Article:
The Minnesota Court of Appeals has rejected another permit for PolyMet Mining Corp.'s proposed copper-nickel mine, this time for its air emissions.

The Minnesota Pollution Control Agency (MPCA), which issued the air permit in 2018, should have looked harder at whether PolyMet plans to expand the state's first copper-nickel mine well beyond the limits imposed by the permit, the three-judge panel concluded in its unanimous decision released Monday.

Writing for the court, Judge John Rodenberg said the regulator should have clearly addressed whether PolyMet "is engaged in sham permitting" to avoid a permit requiring greater review and more stringent controls.

PolyMet's Canadian securities filings indicate it may actually be planning a mine nearly four times larger than operation covered by the air permit, which limits the mine to producing 32,000 tons of ore per day, the court noted.

The court remanded the permit back to the MPCA for further review.

The MPCA said it's reviewing the decision and will soon decide its next steps.

The decision is another setback for PolyMet's proposed copper-nickel mine, which is already tied up in litigation and investigations into how regulators handled its water quality permit. If it gets built, the open-pit mine, near Babbitt and Hoyt Lakes, would be the state's first nonferrous mine, known as a hardrock mine.

The publicly traded company, majority owned by global mining and trading conglomerate Glencore in Switzerland, said it's reviewing its legal options.

In a statement, PolyMet said it thinks the MPCA "appropriately accounted for the potential effects of the NorthMet Project."

"We stand ready to provide the additional information the agency might need to update its decision on the air permit," the company said.

Jobs for Minnesotans, a pro-mining group backed by business and labor groups, issued a statement saying they are concerned about the signal the decision sends to prospective investors in Minnesota.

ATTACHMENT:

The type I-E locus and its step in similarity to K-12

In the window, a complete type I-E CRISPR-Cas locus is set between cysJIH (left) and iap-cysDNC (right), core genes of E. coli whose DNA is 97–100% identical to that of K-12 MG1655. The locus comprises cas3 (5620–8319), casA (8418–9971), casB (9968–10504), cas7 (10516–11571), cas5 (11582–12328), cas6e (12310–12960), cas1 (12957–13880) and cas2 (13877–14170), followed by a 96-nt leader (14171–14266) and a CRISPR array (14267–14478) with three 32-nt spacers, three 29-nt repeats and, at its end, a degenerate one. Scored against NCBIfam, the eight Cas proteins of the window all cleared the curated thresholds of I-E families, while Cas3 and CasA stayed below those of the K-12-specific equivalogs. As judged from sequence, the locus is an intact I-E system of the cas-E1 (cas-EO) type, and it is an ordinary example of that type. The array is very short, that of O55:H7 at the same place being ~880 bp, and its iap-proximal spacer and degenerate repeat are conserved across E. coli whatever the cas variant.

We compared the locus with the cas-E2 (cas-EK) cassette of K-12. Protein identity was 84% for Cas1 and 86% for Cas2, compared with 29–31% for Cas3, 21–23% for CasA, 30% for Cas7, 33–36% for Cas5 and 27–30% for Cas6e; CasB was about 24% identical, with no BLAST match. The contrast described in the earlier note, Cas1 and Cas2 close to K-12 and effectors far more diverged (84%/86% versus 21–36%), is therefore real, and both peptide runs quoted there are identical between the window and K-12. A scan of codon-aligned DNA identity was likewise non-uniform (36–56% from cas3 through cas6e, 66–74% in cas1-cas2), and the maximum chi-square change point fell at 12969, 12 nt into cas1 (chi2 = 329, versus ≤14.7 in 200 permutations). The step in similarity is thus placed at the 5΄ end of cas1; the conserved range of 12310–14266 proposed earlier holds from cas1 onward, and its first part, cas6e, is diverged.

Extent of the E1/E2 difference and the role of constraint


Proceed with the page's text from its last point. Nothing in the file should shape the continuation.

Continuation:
"We're increasingly concerned by court rulings that appear to effectively transfer regulatory authority to the judiciary from agencies long established under state statute and staffed with experienced experts in the scientific fields relevant to decisions, such as air permitting," the group said.

The open-pit mine and its operations for crushing and processing ore required an air permit because it will emit a range of pollutants into the air such as carbon monoxide, fine dust and mercury. Although the MPCA considers the PolyMet mine's mercury emissions to be small, the metal is a neurological toxin that drifts down into water and builds up in the tissue of fish.

Water contamination is a core concern of mine opponents worried that this riskier form of mining will poison nearby waters with sulfide and heavy metals.

Opponents who appealed the air pollution permit — the Minnesota Center for Environmental Advocacy, Friends of the Boundary Waters Wilderness, the Center for Biological Diversity, the Sierra Club and the Fond du Lac Band of Lake Superior Chippewa — applauded the ruling.

"The Court of Appeals decision today makes it even more clear: the process that granted permits for the PolyMet mine proposal is broken," said Kathryn Hoffman, chief executive of the Minnesota Center for Environmental Advocacy. "It's clear that the permits that were issued to PolyMet did not protect human health and the environment, and it's time for our agencies to acknowledge and address that."

Marc Fink, senior attorney with the Center for Biological Diversity said: "The losses keep piling up for PolyMet and the state agencies that are supposed to protect our citizens and our environment."

The Court of Appeals has rejected or suspended environmental permits on three different projects over the last year. It is the second time this year that the appellate court has rejected permits issued to PolyMet. In January, the court reversed three permits that the state Department of Natural Resources issued to PolyMet — its permit to mine and two dam safety permits. Both the company and the agency have asked the Supreme Court to review that decision.

PolyMet faces significant hurdles on other fronts. Its water pollution permit has been suspended pending a Ramsey County District Court decision on whether the MPCA handled it correctly, and two other investigations into that process area also ongoing.

Meanwhile, a wetlands destruction permit issued by the U.S. Army Corps of Engineers has also been appealed and is in federal district court.